Scope Oriented Programming

There is a long discussion talking about the advantages of Procedural Programming vs. the advantages of Object Oriented Programming. In previous posts I tried to show that although OOP is newer it is not superior. The posts were Flaws of Object Oriented Modeling and Flaws of Object Oriented Modeling Continue. This time I want to present a new programming model which takes advantage of both methods and in some way corresponds to Why you should use Procedural and OOP in every application.

Let's start with the problems:

1. Procedural Programming does not enforce scopes and therefore there are too many global variables and objects. This means that it is almost impossible to manage huge projects.
2. Object Oriented Programming usually implements many small fragments of code which call and utilize other small fragments of code. In the parallel world, if you have a race condition it is almost impossible to track the flow of execution because going step-by-step may mean stepping over multiples of 10 of function calls before a single task is complete.
3. Nobody is protecting us in either case from using an object after it is deleted or closed, or before it was initialized. In the parallel world this will often cause problems.
4. A very powerful technique is called 'smart pointers' which are pointers that automatically free up resources when no one needs them anymore. In managed languages like C# and Java this means when no one is referencing the object. In C++ this means when the execution leaves a (stack) scope { }. Both Procedural and OOP models do not utilize this concept fully and programmers often need to manually mark resources as free.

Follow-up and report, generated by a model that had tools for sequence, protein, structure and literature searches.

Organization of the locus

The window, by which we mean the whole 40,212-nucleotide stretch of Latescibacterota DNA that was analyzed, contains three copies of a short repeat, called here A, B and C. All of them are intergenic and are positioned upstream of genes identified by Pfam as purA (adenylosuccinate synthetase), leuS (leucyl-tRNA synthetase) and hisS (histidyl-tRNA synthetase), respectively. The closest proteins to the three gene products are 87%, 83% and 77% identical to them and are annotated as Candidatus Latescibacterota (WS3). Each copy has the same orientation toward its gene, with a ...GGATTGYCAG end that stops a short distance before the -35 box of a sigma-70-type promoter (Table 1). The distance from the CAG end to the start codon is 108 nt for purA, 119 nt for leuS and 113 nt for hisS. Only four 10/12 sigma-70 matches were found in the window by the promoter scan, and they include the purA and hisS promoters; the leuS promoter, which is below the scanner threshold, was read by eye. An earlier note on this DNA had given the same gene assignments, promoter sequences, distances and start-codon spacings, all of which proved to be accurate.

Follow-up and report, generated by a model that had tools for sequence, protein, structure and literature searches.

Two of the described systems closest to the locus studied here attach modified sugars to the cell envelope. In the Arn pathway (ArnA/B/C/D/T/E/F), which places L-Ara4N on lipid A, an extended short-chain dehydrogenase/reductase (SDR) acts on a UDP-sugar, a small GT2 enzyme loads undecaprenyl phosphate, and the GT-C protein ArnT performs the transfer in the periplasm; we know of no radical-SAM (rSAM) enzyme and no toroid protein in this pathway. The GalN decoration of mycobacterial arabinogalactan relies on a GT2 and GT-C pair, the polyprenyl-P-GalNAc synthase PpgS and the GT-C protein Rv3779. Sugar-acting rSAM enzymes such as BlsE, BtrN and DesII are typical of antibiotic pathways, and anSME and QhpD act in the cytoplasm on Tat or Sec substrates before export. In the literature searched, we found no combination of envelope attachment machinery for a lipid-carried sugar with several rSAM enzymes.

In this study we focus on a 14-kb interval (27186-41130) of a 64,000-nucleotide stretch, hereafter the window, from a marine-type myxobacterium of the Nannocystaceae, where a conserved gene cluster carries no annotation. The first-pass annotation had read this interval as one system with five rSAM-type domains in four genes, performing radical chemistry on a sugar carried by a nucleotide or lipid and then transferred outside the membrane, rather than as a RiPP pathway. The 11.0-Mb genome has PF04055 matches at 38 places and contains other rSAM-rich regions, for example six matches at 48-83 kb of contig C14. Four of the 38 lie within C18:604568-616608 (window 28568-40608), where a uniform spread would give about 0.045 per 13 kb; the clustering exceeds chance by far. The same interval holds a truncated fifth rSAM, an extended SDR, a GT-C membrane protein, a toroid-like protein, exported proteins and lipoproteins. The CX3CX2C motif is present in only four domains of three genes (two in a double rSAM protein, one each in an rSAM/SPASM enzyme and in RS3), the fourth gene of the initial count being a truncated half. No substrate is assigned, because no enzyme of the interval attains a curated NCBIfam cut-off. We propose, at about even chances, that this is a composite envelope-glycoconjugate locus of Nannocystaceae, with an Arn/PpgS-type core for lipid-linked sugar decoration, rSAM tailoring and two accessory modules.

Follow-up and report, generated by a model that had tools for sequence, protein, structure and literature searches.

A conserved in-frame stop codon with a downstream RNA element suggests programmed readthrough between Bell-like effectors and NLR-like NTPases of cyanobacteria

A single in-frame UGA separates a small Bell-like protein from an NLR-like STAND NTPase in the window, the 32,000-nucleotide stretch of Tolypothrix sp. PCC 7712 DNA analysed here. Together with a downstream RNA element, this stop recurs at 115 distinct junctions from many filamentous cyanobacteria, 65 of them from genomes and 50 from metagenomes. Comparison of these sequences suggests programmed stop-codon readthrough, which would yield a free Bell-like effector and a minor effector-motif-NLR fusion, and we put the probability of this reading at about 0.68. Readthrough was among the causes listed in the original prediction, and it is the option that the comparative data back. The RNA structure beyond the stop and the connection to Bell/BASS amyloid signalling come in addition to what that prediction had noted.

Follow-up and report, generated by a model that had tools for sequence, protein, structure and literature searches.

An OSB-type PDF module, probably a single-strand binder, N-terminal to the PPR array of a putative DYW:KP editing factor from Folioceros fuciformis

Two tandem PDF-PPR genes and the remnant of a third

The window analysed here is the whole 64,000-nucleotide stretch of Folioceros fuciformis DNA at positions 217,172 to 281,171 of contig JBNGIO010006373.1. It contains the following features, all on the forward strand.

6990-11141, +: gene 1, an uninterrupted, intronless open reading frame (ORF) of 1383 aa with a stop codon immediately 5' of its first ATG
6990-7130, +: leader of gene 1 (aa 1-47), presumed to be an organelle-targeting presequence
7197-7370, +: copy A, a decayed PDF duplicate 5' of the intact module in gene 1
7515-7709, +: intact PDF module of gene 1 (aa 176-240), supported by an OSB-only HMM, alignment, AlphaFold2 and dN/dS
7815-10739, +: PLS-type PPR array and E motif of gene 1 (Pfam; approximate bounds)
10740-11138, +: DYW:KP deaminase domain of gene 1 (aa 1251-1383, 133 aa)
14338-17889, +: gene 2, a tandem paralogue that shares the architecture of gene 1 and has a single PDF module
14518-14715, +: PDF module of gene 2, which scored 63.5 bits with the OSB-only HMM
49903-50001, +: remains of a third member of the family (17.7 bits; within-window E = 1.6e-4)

Now that we have the new language extensions (C# TPL and C++ 0x) we can write our code in scopes.

For simplicity and readability I'll use C# for the sample code.
Here is an example of a base class that we might use today:

public abstract class Old_Stream
{
   public abstract void Open();
   public abstract void Close();
   public abstract byte Read();
   public abstract void Write(byte value);
}

This simple stream has 4 methods which we are expected to override on another class.
Here is that class:

public

class Old_MemoryStream : Old_Stream
{
   byte[] buffer;
   int indexR;
   int indexW;
   public override void Open() { buffer = new byte[1024]; indexR=-1; indexW=-1; }
   public override void Close() { buffer = null; }
   public override byte Read() { indexR = ((indexR + 1) % buffer.Length); return (buffer[indexR]); }
   public override void Write(byte value) { indexW = ((indexW + 1) % buffer.Length); buffer[indexW] = value; }
}

Now let's see the new version of the same base class. Here is the first part:

public abstract class New_Stream
{
   protected delegate void CloseProcType();
   protected delegate byte ReadProcType();
   protected delegate void WriteProcType(byte value);

The first part defines (typedef style) types of callback functions.

   protected CloseProcType CloseFunction;
   protected ReadProcType ReadFunction;
   protected WriteProcType WriteFunction;

The second part has the implementation of the callbacks (function-pointer style), and the third part is the signature of the class just like we had with the old base class:

   public abstract void Open();
   public void Close() { CloseFunction(); }
   public byte Read() { return (ReadFunction()); }
   public void Write(byte value) { WriteFunction(value); }
}

The difference in this base class signature is that here only Open() is virtual and we can only override Open() in derived classes. All the other methods are simply wrappers for the function callbacks.

This is of course all just the framework. The real revolution is here, in the derived class:

public class New_MemoryStream : New_Stream
{
   byte[] buffer;
   int indexR;
   int indexW;

The implementation starts exactly like the older implementation of a derived class, same as what we have above.
The following in the implementation only for the Open() function:

   public override void Open()
   {
      buffer = new byte[1024]; indexR = -1; indexW = -1;

      ReadFunction = (() =>
      {
         indexR = ((indexR + 1) % buffer.Length);
         return (buffer[indexR]);
      });

      WriteFunction = ((value) =>
      {